The rapid growth spurt that established US brand Under Armour as a major player in the global sportswear market, has slowed down to a dribble as the company this week reported its second quarterly loss in a row.

Its first quarter net revenue did, however, grow 6% to $1.19-bn due to a rise in international (27% growth) and direct-to-consumer (17% growth) sales. But sales were down 1% in its domestic market, the US, which accounts for the bulk of the brand’s business.

Wholesale sales to retailers only grew 1% in the quarter.

In the last (4th) quarter of 2017 sales to retailers had dropped 1% to $733-m, but the 11% growth in direct-to-consumer sales contributed to the 5% (4% in currency neutral) sales growth reported in the quarter. In the period direct-to-consumer sales represented 42% of revenue.

In the full 2017 financial year sales to retailers dropped 3%, but a 14% growth in direct-to-consumer sales contributed to a 3% revenue growth (to $5-bn) for the year. At the end of the year direct-to-consumer sales comprised 35% of company revenue.

At the end of the first quarter of 2018 the company’s loss had grown to $30.2-m from $2.3-m a year ago. This was mainly due to restructuring costs of $37.5-m incurred during the quarter – without which the company would have broken even, it reported.

No wonder CEO and founder Kevin Plank told investors that the brand is going through the most challenging period in its history. He also said that currently the re-structuring allows the company to bring product innovations to the market faster, which will drive consumer demand for Under Armour apparel and footwear.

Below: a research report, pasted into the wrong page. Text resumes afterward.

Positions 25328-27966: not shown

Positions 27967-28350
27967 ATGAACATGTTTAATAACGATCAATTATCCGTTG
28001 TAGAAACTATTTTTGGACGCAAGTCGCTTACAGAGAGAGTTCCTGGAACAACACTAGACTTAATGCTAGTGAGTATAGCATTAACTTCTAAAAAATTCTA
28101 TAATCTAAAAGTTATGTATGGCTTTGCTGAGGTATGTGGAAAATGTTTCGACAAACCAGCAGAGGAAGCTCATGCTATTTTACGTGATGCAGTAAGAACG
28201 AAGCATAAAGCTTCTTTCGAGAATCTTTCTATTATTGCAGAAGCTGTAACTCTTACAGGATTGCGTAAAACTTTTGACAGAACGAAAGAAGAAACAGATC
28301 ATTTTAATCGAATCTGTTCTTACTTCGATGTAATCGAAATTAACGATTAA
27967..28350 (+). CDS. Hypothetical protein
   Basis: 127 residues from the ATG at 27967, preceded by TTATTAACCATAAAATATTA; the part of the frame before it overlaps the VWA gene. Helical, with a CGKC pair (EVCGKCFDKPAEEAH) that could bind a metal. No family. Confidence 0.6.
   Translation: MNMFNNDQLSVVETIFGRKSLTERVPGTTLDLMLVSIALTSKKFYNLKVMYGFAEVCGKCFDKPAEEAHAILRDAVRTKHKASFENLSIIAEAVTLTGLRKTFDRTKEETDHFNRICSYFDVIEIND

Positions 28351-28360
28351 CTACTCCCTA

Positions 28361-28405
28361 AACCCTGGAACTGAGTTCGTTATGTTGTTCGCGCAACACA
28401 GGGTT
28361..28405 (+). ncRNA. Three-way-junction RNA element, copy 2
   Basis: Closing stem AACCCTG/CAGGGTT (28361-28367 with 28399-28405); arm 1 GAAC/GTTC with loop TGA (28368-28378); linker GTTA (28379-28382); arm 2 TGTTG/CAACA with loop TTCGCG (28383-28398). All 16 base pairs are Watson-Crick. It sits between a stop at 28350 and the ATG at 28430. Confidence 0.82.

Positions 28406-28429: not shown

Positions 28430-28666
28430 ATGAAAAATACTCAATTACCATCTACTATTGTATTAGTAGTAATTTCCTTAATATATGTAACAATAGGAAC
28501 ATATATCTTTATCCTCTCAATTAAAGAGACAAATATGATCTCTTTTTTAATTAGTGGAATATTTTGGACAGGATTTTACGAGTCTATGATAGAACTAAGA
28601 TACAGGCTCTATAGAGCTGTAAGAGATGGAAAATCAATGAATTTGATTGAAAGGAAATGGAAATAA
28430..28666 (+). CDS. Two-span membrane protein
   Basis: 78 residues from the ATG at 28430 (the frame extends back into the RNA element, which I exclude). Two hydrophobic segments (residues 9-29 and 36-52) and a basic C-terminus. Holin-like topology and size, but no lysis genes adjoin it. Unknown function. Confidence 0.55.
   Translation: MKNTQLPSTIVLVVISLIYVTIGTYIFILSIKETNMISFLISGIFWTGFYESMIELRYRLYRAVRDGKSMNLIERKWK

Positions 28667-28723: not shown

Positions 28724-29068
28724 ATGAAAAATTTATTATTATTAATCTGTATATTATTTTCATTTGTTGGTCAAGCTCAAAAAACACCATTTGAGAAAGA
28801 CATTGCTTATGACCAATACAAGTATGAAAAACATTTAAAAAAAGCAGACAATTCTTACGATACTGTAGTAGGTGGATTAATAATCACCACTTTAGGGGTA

The ongoing restructuring plan announced in August 2017 had been extended into 2018 at a cost of $110-m to $130-m. The aim is to reduce the product ranges, but to introduce new products more rapidly. They will also be targeting specific consumer groups with merchandise placements. According to its 2017 financial report the company expects to save a minimum of $75-m annually from 2019 onwards due to this restructuring.

But, Under Armour’s woes are not restricted to a sales drop. Two shareholders are suing Plank and the board over a development project in South Baltimore. This Port Covington project is a big mixed-use development that will have new Under Armour offices as an anchor and the aggrieved shareholders allege that Plank is using Under Armour to enrich himself through the development. Under Armour says there is no merit in the lawsuits.

And if that is not enough to cause stress, Under Armour announced in March that the My Fitness Pal app it acquired in 2015, was hacked a month before, compromising data of approximately 150-m users.

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